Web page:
Tuesday, January 5, 2010

More Than Just A Story

This morning I was looking for a book among the shelves of one of my bookcases, trying to remember if it was one I still had, or perhaps had donated to make room for more. Just the titles were enough to make me sigh with pleasure:   What to Listen For in Music; Sonnet; A Convergence of Birds; The South of France - A Sketchbook; The Names of Things; The Veil of Snows; The Forests; Cry of the Panther; Unquenchable Fire; My Love Affair With England;  Moonfleet; By Grand Central Station I Sat Down and Wept; West With the Night; A Table in the Wilderness; And There Was Light.

Do your books remind you of where you were when you bought them, or of who gave them to you, or of a particular time in your life? As I look at each one, I remember these things, and more.

Blue Highways -- Several years ago, I visited a couple who first introduced me to this book by William Least Heat-Moon. It inspired them to travel the country avoiding major roads, and follow only the blue highways on the map. I told a new friend about it,  who shortly thereafter sent me an email, the first sentence of which was also the first sentence of the book. "Beware thoughts that come in the night. They aren't turned properly; they come in askew, free of sense and restriction, deriving from the most remote of sources."  Yes, he was afraid he was falling in love. He did. And thankfully, so did I.

The Secrets of Pistoulet -- I was so impressed  the day I bought it that I passed it around the table in a restaurant where I was having dinner with friends. I found out later that two of them went out and bought one the next day! It is a beautiful book which invites the reader to participate in the story. Letters are tucked in envelopes for you to pull out and read. Vellum is stitched between some of the pages lending a subtlety to the otherwise vibrant photos. There is mystery and love, and even a recipe or two.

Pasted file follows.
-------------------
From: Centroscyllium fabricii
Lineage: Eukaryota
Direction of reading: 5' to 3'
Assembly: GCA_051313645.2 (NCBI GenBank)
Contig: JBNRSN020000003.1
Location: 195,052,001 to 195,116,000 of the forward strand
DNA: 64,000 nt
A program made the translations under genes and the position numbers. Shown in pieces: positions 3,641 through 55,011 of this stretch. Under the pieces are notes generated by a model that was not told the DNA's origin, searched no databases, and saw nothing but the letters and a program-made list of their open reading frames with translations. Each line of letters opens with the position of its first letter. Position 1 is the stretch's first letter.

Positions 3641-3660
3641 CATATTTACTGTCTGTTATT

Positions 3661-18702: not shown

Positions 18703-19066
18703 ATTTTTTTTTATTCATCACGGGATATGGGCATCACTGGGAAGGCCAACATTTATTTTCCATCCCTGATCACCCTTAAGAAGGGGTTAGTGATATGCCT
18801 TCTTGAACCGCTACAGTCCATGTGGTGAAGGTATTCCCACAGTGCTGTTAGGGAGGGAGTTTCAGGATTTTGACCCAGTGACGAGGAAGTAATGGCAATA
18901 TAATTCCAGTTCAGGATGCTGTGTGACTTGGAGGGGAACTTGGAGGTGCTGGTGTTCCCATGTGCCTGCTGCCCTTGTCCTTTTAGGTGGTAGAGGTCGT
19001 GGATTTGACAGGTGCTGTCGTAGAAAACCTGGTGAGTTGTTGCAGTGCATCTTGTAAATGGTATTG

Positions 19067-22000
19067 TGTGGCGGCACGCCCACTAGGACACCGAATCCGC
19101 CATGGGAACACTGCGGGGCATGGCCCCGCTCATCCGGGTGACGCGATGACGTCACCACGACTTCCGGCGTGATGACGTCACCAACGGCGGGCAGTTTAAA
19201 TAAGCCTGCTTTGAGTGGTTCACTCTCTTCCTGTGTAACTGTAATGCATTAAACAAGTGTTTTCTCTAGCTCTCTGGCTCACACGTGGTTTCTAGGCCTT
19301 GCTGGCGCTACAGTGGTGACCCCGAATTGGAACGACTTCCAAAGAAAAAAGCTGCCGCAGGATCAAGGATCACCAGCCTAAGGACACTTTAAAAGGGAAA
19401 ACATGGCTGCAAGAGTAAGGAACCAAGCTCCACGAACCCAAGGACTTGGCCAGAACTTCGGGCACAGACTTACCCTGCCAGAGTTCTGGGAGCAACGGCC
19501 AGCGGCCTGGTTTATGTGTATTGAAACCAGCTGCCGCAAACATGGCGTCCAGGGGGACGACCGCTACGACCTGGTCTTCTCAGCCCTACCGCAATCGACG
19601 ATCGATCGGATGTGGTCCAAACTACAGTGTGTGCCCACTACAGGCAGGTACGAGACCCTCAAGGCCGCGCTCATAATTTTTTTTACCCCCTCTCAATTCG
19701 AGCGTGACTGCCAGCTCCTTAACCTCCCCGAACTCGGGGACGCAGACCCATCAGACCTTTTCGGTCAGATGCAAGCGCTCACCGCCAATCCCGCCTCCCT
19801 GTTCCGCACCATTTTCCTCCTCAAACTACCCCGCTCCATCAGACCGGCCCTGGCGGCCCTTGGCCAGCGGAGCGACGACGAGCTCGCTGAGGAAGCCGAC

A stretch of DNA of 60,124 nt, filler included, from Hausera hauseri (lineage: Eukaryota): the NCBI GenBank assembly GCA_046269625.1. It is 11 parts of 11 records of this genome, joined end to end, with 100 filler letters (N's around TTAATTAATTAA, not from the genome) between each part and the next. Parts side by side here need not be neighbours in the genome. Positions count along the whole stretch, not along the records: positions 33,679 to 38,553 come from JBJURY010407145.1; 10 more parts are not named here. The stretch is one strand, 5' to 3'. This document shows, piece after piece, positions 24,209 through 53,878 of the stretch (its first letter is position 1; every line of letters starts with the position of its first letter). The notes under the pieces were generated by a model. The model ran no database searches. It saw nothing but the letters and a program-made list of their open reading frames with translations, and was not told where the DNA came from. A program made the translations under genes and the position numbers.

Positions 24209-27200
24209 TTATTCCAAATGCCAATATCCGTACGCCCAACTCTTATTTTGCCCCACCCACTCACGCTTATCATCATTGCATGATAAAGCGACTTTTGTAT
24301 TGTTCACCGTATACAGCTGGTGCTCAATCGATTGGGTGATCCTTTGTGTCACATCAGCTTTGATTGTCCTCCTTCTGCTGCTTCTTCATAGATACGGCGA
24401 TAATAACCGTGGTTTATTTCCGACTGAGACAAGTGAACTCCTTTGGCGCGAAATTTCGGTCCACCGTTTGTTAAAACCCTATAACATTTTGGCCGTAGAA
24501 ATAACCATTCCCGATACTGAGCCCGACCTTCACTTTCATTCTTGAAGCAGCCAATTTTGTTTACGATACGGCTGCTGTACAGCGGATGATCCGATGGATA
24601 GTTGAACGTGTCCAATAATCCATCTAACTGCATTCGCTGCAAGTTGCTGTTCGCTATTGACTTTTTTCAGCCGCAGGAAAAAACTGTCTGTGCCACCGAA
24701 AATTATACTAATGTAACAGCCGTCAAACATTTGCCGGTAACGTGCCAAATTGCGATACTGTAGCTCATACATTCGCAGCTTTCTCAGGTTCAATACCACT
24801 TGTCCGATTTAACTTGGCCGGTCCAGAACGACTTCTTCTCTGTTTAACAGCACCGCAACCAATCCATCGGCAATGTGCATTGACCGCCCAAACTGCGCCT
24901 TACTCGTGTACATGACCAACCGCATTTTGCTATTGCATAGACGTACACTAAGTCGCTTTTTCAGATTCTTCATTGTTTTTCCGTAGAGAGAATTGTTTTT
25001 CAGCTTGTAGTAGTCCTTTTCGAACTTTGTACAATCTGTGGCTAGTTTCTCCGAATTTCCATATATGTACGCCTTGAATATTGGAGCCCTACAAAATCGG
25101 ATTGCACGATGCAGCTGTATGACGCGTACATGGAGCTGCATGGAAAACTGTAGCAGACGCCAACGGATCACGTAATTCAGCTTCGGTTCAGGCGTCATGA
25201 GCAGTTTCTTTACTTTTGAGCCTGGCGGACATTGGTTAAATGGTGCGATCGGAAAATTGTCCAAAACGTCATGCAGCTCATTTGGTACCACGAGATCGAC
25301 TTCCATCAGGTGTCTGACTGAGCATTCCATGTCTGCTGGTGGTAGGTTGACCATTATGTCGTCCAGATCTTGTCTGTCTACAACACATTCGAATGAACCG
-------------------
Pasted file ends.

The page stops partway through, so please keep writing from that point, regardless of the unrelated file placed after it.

But of course I also have books with titles which may seem more familiar: Room With A View; Prince of Tides; Cold Mountain; The Essays of Robert Frost; All I Really Need to Know I Learned in Kindergarten; Under the Tuscan Sun; Hero With a Thousand Faces. I have a few thrillers and mysteries, dozens of cookbooks, many books of poetry, and shelves full of  those on writing, photography, and art.  I would like to have built-in bookcases some day. You know -- the ones from wall to wall and floor to ceiling. Maple or cherry, and with simple but elegant molding.

I didn't find the book I was searching for this morning. I hope I still have it -- maybe tucked behind some others in another room. But just looking for it reminded me how fortunate I am to have books, and  how rich I am to appreciate them so.

(Clicking on the images below will take you to the Amazon website for further information.)                         

Blue Highways: A Journey into AmericaSecrets of Pistoulet

1 comment:

  1. Yes, books are wonderful. They enrich our lives, provide information, enjoyment, and humor, and when they are too old or outdated to read anymore, they become perfect art fodder.

    Thanks so much for visiting my blog and hope to see you there again, soon.